The latest Iowa Poll released by the Des Moines Register shows Mitt Romney in first with 24 percent, Ron Paul in second with 22 percent, and Rick Santorum in third with 15 percent. While some have questioned Romney’s commitment to Iowa, his first place finish in the final poll of the caucus season should perhaps not come as any surprise.
As we all know, the easiest way to solve a maze is to start at the end and work backwards. In doing so, it becomes easy to see the path to the beginning, and all the twists and turns along the way seem logical.
So it goes with the 2012 race to the GOP nomination. Despite all the twists and turns in the polls from July through December, we are right back where we started: Mitt Romney, the presumed nominee and national frontrunner back in May, is leading in Iowa.
For Romney, however, 2011 is probably starting to feel eerily similar to December of 2007. Having finally committed to campaigning in the state, he is now facing a surging candidate from the most likely of places.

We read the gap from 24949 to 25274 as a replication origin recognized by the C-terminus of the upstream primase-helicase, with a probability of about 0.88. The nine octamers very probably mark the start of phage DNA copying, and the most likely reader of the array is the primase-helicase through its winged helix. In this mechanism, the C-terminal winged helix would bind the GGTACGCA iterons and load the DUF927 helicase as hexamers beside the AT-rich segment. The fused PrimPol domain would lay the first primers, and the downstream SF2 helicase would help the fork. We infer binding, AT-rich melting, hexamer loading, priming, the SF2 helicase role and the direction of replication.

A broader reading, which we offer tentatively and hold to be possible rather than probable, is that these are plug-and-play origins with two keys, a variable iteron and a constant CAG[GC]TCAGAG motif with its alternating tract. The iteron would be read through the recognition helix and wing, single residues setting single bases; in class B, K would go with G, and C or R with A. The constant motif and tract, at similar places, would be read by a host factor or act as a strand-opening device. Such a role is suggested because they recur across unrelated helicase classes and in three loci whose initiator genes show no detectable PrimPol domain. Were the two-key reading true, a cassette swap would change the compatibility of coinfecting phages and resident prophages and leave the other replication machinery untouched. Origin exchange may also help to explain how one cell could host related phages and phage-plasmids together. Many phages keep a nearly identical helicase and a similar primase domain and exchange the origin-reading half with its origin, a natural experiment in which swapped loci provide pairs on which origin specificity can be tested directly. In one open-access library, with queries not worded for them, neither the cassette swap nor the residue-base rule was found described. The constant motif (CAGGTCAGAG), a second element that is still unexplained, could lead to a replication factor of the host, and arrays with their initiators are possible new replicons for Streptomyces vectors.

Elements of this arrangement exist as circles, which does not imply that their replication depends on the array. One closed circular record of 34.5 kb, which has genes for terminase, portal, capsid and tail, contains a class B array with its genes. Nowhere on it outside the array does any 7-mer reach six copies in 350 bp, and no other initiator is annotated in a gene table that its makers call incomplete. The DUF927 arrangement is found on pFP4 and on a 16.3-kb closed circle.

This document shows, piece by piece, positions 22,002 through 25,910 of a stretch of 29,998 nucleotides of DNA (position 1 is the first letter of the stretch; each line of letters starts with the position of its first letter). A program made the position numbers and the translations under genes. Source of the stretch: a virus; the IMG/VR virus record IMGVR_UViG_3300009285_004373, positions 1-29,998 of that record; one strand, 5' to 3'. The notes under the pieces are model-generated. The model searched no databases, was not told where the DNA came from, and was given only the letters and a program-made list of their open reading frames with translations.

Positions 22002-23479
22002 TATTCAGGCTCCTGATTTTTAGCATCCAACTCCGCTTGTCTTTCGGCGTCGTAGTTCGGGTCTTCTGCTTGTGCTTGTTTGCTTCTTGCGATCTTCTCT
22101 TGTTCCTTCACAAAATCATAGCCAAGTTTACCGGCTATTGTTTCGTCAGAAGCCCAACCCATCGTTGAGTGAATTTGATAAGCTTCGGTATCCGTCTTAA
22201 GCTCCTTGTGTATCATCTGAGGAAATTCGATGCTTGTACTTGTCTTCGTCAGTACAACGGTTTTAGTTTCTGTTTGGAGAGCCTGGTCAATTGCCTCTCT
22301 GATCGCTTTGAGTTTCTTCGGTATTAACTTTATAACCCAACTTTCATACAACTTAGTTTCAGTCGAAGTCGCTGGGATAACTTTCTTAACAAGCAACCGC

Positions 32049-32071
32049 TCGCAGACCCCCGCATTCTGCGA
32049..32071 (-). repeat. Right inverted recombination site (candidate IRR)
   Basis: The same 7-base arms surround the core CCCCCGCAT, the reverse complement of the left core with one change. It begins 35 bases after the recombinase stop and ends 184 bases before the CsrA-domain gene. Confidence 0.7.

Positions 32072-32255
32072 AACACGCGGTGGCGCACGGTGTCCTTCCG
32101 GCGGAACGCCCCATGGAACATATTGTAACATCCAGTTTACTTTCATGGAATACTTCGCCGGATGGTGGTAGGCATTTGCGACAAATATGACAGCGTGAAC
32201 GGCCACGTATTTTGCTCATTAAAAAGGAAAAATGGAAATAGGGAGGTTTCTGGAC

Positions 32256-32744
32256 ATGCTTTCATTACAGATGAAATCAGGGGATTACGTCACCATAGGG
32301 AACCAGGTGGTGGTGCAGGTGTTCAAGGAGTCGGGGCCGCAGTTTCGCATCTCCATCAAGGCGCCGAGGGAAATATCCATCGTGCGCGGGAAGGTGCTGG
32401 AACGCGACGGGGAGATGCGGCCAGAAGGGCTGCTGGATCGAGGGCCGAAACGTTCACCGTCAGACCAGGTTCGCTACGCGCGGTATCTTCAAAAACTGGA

In the last two days of polling (Dec. 29-30) in the Iowa Poll mentioned above, Santorum actually finishes in second at 21 percent to Romney at 24 percent. In other words, Romney is once again pitted against a candidate with a low budget campaign, who is committed to “retail politics,” and who appeals to social conservative/evangelical/born-again Christian voters.
Unlike 2008, however, a strong finish in Iowa by Santorum or Paul will probably do little to diminish the prospects for Romney in New Hampshire.
On the other hand, as in 2008, a second place showing in Iowa may leave Romney open to a challenge from a candidate who, like McCain in 2008, was all but finished the summer prior to the caucus.
Newt Gingrich comes in fourth at 12 percent in the Iowa Poll. And while his numbers continue to decline rapidly in Iowa, he is polling well ahead in South Carolina and Florida. Should Gingrich, like McCain, finish fourth in Iowa, it may be a bit premature to write off his campaign.
To borrow a line from the movie, The American President, “the country has mood swings.” The mood swings this time around have been a bit more volatile, but the finish looks strangely familiar.
Happy New Year and happy caucusing!